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China sentences fugitive smuggler Lai to life term
Question of the Day
BEIJING — The man once considered China's most-wanted fugitive was sentenced to life in prison for smuggling and bribery in a lurid corruption case that reached into the highest echelons of the Communist Party and involved a decade-long extradition fight.
The official Xinhua News Agency reported that Lai Changxing was convicted and sentenced Friday morning by the Intermediate People's Court in Xiamen, the port city which was his base. On top of the life sentence for smuggling and a concurrent 15-year sentence for bribery, the court ordered all of Lai's personal property seized, Xinhua said.
The sentencing marked an end for what a decade ago had been one of China's biggest political scandals. From Xiamen and through his company the Yuanhua Group, Lai ran an extensive smuggling network, using the amassed fortune to cultivate powerful political protectors. Tainted in the scandal were a deputy police minister, who was later given a suspended death sentence, and the one-time provincial party secretary who was politically untouched and became a member of the party's ruling Politburo.
Foreign Ministry spokesman Hong Lei told reporters at a regular news conference that the handling of the case showed China's determination in fighting crime.
Lai's network smuggled everything from cigarettes and cars to oil and textiles. The court's verdict said the operation totaled $3.3 billion, evaded $1.7 billion in duties and other taxes and bribed 64 officials between 1996 and 1999, Xinhua reported.
The main office of the Xiamen court referred calls to its publicity department where the telephone rang unanswered.
After a broad corruption and anti-smuggling investigation unmasked Lai's operation, he managed to flee the country, tipped off by local officials, and eventually reached Canada in 1999. He then became the focus of a 12-year extradition battle — with Chinese leaders often worried that Lai might implicate senior officials in public comments — until he was deported last year.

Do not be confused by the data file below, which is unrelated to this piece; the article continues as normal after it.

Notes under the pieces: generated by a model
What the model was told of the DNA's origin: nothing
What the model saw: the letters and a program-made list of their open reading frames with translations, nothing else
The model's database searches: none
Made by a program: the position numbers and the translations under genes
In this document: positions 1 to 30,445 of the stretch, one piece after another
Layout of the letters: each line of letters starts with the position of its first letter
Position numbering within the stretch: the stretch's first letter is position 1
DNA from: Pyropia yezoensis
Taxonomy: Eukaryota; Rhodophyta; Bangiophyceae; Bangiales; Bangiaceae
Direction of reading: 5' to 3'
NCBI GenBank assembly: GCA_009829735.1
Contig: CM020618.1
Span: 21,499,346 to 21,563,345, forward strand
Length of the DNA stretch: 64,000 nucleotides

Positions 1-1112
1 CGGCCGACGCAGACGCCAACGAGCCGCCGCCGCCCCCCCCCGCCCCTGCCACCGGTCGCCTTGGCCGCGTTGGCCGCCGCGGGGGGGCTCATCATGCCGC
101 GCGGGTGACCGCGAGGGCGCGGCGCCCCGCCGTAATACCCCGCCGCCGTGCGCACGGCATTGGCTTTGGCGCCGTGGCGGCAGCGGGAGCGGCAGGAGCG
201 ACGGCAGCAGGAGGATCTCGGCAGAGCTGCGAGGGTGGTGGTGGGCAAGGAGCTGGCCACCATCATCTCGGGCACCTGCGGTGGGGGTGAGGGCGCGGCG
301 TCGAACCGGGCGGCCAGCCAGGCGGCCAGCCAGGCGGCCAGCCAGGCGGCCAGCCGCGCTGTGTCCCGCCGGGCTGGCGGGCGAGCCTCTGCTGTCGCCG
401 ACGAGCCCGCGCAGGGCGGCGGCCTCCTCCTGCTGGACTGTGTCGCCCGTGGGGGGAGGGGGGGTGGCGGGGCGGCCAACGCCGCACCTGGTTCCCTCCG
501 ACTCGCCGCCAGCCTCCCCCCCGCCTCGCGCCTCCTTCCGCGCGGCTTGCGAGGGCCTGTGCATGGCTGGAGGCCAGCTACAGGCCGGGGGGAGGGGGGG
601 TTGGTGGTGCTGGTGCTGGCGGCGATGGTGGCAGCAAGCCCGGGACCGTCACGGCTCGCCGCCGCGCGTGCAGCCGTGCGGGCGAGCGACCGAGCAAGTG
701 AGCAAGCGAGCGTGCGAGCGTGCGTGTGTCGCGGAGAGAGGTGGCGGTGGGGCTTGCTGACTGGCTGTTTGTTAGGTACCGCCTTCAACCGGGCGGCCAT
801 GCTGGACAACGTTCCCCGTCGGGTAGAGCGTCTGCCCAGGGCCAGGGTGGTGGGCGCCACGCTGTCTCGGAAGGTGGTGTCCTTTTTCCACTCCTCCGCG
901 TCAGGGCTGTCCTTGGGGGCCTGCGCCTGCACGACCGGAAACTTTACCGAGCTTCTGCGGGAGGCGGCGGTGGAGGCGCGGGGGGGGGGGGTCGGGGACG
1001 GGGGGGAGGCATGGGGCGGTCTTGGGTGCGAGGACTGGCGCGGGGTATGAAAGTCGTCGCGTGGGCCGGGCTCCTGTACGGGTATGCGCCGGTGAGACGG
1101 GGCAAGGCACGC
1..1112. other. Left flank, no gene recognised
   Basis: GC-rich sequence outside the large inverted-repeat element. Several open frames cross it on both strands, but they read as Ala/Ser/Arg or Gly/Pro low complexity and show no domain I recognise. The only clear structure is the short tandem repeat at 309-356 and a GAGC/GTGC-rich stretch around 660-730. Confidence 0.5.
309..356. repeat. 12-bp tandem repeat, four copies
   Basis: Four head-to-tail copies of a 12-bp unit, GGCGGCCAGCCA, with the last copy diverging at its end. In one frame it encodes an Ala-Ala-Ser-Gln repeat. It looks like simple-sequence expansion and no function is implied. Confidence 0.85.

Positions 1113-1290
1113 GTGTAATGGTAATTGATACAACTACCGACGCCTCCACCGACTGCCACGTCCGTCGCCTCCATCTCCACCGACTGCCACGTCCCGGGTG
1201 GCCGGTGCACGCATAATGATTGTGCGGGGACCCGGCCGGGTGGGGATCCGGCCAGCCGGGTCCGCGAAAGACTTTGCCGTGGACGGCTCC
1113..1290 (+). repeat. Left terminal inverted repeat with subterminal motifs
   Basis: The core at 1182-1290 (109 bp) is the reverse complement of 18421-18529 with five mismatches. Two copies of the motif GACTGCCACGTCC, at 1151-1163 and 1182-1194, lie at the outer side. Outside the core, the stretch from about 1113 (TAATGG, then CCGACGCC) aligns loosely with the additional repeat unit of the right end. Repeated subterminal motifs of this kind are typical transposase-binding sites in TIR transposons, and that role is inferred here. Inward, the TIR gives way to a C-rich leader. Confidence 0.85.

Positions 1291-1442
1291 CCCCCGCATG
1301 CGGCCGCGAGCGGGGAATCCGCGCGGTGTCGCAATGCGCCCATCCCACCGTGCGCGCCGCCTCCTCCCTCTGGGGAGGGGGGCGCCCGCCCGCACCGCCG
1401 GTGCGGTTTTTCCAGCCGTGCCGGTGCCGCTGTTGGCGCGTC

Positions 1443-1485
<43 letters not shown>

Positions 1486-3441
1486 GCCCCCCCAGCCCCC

In the heyday of his power, Lai lived a life of luxury in China complete with a bulletproof Mercedes Benz. He is alleged to have run a mansion in which he plied officials with liquor and prostitutes.
At one point, state TV splashed pictures of the network's allegedly ill-gotten gains: a tiger skin rug laid out on a conference table, confiscated cars belonging to corrupt bureaucrats, a sack of gold rings, and a picture of a young woman, said to be a lover kept for one official by Lai.
Scores of officials and executives involved have been imprisoned and at least two executed over the scandal. Aside from the deputy police minister, 10 others, from Xiamen's deputy mayor to the city's customs chief were given life sentences or had their death sentences commuted to life.
Also ensnared in the scandal was the wife of Jia Qinglin, the Fujian province party secretary until 1996 and then the party chief of Beijing and an ally of Chinese President Jiang Zemin. Politically connected Chinese said Jiang protected Jia, ordering investigators to curtail the probe.
After Lai fled to Canada, Jiang sent a diplomatic note in 2001 to then Prime Minister Jean Chretien, assuring Canadian authorities Lai would not be executed if returned — a key Canadian demand.
Still, Lai fought extradition until July when a federal court in Vancouver ruled Lai should not be considered a refugee and upheld his deportation.
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